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Much of my work and much of the public’s attention in the last several years has been focused on the opioid crisis, and properly so.  But addiction (or substance use disorders) are the result of a complex mix of genetics, environment and exposure to the substance.

The environment includes the stability of the household and exposure to emotional traumas (like the loss of a parent, witnessing domestic violence, suffering emotional, physical or sexual abuse, etc.) but also the larger environment, or what has been termed the social determinants of health.  These include issues like poverty, education, housing, and a sense of community and belonging.  To the extent that we fail to meet our ideals in all of these areas we place people at risk for the “diseases of despair”, like addiction.  Another disease of despair is suicide, and the news on that front is not good.  The CDC reported recently that 45,000 Americans age 10 and older took their own lives in 2016.  More alarmingly, across the nation suicide rates have risen by nearly 30% in the last 18 years.  Some additional findings:

  • Between 1999 and 2016 suicide rates increases significantly in 44 states.
  • 25 states experienced an increase of over 30% (Maine’s increase is 27%).
  • The range of increases were 5.9% (Delaware) to 57.6% (North Dakota).
  • 54% of people who took their own life did not have a known mental health condition, like depression.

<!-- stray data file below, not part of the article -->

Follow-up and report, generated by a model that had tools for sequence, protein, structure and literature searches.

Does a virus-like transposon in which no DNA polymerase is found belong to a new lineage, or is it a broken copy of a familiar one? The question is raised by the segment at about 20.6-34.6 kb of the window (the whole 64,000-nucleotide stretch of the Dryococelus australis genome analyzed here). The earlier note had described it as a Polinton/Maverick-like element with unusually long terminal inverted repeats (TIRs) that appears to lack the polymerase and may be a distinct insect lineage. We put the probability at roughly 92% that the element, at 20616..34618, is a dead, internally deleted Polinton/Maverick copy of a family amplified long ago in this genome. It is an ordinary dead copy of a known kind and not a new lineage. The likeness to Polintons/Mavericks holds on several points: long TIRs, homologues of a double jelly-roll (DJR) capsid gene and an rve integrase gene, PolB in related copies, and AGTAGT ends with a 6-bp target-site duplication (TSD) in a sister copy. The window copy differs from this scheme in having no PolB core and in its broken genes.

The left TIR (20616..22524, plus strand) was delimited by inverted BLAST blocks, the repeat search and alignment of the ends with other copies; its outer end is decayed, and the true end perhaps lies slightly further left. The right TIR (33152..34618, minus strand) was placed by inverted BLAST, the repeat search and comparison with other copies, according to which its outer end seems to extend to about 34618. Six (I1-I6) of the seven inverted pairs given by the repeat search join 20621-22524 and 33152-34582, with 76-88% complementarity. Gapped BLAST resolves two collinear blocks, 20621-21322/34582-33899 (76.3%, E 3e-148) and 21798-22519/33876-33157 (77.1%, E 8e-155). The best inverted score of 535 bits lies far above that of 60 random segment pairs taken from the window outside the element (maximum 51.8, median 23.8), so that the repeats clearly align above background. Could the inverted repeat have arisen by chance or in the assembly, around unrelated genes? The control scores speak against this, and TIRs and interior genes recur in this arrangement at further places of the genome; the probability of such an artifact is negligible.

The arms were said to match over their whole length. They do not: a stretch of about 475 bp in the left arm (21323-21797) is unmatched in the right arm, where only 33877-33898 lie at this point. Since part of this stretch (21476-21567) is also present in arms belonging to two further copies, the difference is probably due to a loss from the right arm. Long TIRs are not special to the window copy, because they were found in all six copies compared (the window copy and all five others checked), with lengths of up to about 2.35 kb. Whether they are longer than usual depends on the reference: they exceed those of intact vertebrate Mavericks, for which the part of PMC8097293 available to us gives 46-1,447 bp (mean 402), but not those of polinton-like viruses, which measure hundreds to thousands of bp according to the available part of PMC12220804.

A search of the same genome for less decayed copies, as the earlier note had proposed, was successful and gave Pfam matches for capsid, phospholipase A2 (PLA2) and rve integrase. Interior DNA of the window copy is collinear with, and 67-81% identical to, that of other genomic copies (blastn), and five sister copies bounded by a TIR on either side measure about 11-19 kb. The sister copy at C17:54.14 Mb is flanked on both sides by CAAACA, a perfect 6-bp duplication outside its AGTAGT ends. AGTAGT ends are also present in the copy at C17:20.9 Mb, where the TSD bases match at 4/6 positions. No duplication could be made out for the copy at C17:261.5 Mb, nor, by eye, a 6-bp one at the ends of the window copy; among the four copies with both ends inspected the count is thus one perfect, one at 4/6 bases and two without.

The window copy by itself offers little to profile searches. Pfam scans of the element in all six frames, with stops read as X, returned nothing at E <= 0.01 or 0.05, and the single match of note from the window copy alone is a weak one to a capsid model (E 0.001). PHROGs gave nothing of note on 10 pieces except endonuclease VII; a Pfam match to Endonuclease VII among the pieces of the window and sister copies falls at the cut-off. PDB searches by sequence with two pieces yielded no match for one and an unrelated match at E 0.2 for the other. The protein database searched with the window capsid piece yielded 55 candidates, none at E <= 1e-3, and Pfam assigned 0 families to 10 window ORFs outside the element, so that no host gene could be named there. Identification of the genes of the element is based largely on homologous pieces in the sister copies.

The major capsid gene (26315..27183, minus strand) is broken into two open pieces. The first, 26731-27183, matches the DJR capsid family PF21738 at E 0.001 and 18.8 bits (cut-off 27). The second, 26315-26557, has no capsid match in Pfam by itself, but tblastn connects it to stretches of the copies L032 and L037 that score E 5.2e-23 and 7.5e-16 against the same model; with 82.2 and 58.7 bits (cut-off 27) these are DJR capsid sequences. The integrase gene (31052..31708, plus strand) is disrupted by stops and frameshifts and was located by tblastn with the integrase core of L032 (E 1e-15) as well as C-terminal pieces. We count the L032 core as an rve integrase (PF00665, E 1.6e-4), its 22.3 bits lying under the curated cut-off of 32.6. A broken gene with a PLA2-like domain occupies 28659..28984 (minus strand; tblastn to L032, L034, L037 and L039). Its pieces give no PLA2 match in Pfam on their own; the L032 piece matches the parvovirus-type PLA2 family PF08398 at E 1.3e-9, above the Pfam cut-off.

• Circumstances more likely among those who did not have a known mental health condition included relationship problems, life stressors, and recent or impending crisis.
  • Suicide rates increased among all age groups under age 75, and people age 45 to 64 had the steepest increase in suicide rates.
  • Men still are more likely than women to take their own life, but the increase in suicide rates in women is twice that in men.
  • Firearms are the most common method for suicide.

So what can be done?  We need to work to raise awareness, and to work to improve human connection (belonging) in all of our communities.  In primary care we need to reliably screen for depression and offer appropriate treatment when it is identified.  Working to expand people’s access to healthcare is fundamental to this work, and we must study gun violence and its role in suicide so that effective interventions can be developed.  There are important resources available including:

  • BeTheOneTo.com where you can learn about the warning signs for suicide.
  • 1-800-273-TALK (8255) – the National Suicide Prevention Hotline
  • 741741 – the Crisis Text Line
Noah Nesin, MD

Dr. Nesin, Vice President of Medical Affairs for PCHC, is a family doctor with 30 years of experience.

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